NASHVILLE, Tennessee (Reuters) - Country music great Ferlin Husky, a pioneer in both the hard-twang Bakersfield and lushly produced Nashville sounds who scored his biggest hit with the ballad “Gone,” died on Thursday at age 85.
“Gone,” which spent 10 weeks at the top of the country charts in 1957 and reached No. 4 as a pop hit, was easily the most requested song of Husky’s half-century-plus career as a performer.
The Flat River, Missouri, native died at his daughter’s home in Westmoreland, Tennessee, about an hour north of Nashville. He had a history of heart problems and most recently had been hospitalized for congestive heart failure.
It had been a long decline, and Husky surprised many when he attended the ceremony for his induction into the Country Music Hall of Fame last May.
He showed up connected to an oxygen tank — he jokingly referred to it as his “own airline” at the ceremonies — and was helped to his feet so his old friend Charley Pride could hang his Hall of Fame Medallion around his neck.
“I want to thank everybody who had anything to do with bringing me into this group, the people I’ve admired since I was a little child,” he said during the ceremony.
But at the time, the country singer reckoned he would never make it into the Hall because voters might have forgotten him.
“Some of the people that vote are so young...I figured they thought Ferlin Husky was some kind of a disease,” he told the Tennessean country music writer Peter Cooper.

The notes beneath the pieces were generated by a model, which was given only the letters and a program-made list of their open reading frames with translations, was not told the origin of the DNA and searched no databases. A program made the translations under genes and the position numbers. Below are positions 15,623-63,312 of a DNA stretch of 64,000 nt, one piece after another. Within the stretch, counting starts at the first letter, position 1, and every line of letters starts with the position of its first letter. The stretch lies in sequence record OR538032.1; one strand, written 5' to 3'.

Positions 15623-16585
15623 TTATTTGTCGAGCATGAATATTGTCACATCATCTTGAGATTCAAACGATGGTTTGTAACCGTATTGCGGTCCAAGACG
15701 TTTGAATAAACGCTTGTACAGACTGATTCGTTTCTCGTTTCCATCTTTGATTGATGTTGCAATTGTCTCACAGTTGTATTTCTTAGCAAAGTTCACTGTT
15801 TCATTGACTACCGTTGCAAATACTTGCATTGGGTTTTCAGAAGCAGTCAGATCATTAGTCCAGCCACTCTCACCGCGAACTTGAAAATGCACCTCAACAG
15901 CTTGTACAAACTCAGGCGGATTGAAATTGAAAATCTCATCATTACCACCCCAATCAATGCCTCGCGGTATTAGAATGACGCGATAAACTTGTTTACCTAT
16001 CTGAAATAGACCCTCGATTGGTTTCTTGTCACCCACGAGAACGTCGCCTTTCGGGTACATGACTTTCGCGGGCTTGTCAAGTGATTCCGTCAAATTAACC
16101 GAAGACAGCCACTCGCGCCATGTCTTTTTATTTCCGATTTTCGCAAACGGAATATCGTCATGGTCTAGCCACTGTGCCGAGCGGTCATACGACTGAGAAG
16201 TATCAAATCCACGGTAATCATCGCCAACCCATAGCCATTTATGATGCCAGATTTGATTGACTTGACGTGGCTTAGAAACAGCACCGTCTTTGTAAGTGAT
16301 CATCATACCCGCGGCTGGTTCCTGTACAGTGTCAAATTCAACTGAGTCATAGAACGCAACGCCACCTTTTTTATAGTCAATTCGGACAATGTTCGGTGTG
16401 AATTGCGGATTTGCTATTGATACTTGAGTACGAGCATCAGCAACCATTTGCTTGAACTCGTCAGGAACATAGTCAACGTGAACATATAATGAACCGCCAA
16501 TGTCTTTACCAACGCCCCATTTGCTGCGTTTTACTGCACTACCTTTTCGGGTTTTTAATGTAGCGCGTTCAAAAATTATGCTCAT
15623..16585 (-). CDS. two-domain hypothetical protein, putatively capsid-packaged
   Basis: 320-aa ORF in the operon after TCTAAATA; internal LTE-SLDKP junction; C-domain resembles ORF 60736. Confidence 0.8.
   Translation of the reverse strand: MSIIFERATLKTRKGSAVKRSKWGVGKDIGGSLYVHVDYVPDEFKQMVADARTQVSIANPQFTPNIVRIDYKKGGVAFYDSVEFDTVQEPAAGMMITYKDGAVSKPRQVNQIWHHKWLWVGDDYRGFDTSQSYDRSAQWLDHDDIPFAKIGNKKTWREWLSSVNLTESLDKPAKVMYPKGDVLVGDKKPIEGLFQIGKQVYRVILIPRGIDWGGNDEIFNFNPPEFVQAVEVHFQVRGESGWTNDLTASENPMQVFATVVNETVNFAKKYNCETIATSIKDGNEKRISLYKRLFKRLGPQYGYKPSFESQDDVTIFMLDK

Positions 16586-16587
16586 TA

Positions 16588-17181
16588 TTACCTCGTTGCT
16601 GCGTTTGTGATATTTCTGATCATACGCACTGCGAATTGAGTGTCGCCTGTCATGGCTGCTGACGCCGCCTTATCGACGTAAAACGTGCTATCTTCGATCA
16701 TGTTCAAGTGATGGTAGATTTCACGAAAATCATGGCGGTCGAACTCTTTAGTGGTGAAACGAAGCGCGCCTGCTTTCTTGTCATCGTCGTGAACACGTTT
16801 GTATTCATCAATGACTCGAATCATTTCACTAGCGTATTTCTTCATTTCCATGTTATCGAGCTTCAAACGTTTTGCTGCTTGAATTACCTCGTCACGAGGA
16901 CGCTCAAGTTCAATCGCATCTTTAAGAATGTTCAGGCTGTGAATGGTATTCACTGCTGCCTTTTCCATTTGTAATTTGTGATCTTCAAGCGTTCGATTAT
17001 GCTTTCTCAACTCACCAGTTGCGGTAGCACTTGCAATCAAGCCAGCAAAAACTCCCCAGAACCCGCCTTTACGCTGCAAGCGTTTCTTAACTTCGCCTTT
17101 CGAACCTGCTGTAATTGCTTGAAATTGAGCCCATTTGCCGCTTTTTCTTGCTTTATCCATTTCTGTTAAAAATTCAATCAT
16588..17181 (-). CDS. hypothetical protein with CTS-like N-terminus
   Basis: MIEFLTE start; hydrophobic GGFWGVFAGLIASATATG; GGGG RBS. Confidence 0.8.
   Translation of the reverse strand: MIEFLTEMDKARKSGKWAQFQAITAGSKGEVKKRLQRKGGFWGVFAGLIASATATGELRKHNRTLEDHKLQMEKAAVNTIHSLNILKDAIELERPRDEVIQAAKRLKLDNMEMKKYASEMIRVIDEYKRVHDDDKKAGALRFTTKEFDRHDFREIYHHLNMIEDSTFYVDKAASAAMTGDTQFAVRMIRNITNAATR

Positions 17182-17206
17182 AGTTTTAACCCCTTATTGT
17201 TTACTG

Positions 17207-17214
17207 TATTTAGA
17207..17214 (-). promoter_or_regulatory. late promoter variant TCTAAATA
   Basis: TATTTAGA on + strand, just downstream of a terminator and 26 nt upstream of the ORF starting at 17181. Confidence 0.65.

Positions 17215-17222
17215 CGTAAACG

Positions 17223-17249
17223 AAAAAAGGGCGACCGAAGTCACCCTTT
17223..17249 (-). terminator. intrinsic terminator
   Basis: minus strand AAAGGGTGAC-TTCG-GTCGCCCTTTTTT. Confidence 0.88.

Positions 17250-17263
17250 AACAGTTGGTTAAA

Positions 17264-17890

At the height of his career, in the 1950s and ‘60s, Husky was considered unmatched as a country music showman.
“There were a lot of years when nobody in the business could follow Ferlin Husky,” fellow star Merle Haggard once said of him. “He was the big live act of the day. A great entertainer.”
Other hits besides “Gone” included his version of the gospel song “Wings of a Dove,” which spent 10 weeks at the top of the country charts in 1960. His last No. 1, “Wings,” spent nine months on the country charts and also was a pop hit.
Husky was best known for being in the vocal vanguard of the Nashville sound, a smooth, richly textured form of country music developed by producers Chet Atkins and Owen Bradley in an attempt to expand the music’s appeal.
Husky’s 1957 version of “Gone” was one of the recordings “considered to be the birth of the Nashville sound,” said country historian Eddie Stubbs, host of the Grand Ole Opry radio program.
An earlier version of “Gone” had been cut by Husky in 1952 in California, where he settled for a time after World War Two and recorded under the name of Terry Preston, becoming a pioneering force in the raw-edged Bakersfield sound.
“The birth of the bright, treble, twang-sound guitar that so many people associate with the Bakersfield sound and with Buck Owens and Merle Haggard can be traced back to Ferlin Husky,” said Stubbs, noting that Husky played lead guitar on Tommy Collins’ “You Gotta Have a License” in the early 1950s.
In addition to his hits as Preston and Husky, the musician also performed under comic alter-ego, Simon Crum, who had his own contract and hits.
Editing by Steve Gorman and Bob Tourtellotte